This blurb was originally published on and for ChristandPopCulture.com
The films we love best are those with layers to unfold. Jordan Peele’s initially underfunded and underrated film, Get Out, delivers an exceptionally thought-provoking and thrilling cinematic experience, filled with facsimiles of our present culture worth analyzing for generations. Among the many tiers to unfold, one proves especially relevant for the American church: assimilation as covert racism.
Get Out is a tale of a seemingly diverse and tolerant wealthy white suburban neighborhood, with the primary focus on the interracial relationship between a black man, Chris Washington (Daniel Kaluuya) and his white girlfriend’s (Allison Williams) family. Her parents and the community seem to replicate an accepting and progressive picture of today’s America. As strange events begin to unfold, however, Chris feels uneasy and makes haste to flee the homestead.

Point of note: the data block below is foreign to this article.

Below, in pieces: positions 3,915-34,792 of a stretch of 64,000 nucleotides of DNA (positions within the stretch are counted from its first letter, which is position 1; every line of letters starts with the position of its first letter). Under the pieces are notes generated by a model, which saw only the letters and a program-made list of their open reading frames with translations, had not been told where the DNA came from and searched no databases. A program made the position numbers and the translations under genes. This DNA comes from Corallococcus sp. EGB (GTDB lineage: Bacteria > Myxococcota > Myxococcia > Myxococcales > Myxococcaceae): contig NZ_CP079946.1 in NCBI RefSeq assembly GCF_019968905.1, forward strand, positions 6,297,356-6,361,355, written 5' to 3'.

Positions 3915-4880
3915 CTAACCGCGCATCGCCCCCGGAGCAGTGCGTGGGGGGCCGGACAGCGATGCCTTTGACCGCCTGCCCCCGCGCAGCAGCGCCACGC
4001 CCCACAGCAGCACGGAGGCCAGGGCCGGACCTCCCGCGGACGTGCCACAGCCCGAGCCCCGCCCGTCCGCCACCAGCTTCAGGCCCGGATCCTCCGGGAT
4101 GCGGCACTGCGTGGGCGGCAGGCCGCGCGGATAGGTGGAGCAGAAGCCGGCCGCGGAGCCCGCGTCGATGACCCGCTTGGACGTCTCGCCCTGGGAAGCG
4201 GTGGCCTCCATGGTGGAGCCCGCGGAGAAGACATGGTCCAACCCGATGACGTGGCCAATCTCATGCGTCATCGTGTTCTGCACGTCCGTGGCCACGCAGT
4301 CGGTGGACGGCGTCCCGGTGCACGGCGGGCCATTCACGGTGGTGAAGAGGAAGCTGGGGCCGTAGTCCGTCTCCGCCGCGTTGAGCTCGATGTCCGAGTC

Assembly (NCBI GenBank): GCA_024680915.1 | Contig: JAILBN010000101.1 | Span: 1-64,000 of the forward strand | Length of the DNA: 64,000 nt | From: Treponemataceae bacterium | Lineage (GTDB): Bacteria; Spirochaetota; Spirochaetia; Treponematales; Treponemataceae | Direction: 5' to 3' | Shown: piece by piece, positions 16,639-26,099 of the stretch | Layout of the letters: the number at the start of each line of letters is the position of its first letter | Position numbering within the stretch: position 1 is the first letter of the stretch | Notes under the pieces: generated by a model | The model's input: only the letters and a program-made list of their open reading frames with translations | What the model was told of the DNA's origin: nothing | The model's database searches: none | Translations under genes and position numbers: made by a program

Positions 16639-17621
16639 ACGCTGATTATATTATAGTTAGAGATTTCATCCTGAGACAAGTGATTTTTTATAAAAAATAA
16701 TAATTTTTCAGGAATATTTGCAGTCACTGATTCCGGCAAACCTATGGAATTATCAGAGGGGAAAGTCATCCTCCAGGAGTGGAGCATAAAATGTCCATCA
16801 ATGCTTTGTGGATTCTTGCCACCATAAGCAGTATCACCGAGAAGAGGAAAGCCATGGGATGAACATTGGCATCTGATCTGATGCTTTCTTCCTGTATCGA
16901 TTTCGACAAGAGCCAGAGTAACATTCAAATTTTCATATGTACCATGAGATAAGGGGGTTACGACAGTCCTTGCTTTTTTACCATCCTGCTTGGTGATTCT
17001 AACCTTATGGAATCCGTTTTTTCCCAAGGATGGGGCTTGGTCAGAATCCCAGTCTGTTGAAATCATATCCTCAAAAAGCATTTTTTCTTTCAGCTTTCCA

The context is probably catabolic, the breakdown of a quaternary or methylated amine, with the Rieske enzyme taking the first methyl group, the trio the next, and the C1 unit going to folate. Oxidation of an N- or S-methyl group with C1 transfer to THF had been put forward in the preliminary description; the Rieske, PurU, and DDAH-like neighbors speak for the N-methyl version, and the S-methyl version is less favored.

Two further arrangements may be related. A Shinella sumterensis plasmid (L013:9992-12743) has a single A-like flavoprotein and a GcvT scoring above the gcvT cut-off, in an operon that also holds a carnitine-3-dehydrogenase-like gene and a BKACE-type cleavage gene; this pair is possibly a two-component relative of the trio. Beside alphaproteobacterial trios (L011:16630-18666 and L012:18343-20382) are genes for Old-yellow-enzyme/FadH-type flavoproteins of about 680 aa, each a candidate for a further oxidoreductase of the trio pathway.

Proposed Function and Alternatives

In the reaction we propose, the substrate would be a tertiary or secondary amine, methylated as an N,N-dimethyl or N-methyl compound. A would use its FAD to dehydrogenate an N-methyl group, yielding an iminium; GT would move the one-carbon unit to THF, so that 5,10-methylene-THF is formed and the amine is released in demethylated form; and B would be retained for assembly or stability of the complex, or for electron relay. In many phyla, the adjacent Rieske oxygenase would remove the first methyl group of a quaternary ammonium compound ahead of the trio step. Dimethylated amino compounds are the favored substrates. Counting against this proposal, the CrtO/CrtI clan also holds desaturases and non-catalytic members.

Peele’s narrative illustrates that racial acceptance—though not always intentional, and usually unsaid—often requires conforming to the cultural, social, and political patterns of a domineering culture. Specifically, in the church, this can be conveyed through a number of mediums—worship style, dress, speech, and relationships.
For this reason, Get Out works as a parody of the awakenings and discoveries many Christian African Americans who were converted in the white evangelical church are regularly experiencing. What many found, and unknowingly pledged allegiance to, wasn’t the gospel, but a socio-political standard of white American cultural ideals.
Get Out is more complex than the racial issues of the American church, and there’s a treasure trove to be gleaned from it (whether one is Christian or not), but it must not be strictly remembered as a pure thought exercise. It’s subliminal social revelations make it the perfect bridge for those too afraid to watch horror or suspense; yet at the same time, Peele maintains the film’s Oscar-worthy notability within the genre. —Timothy Thomas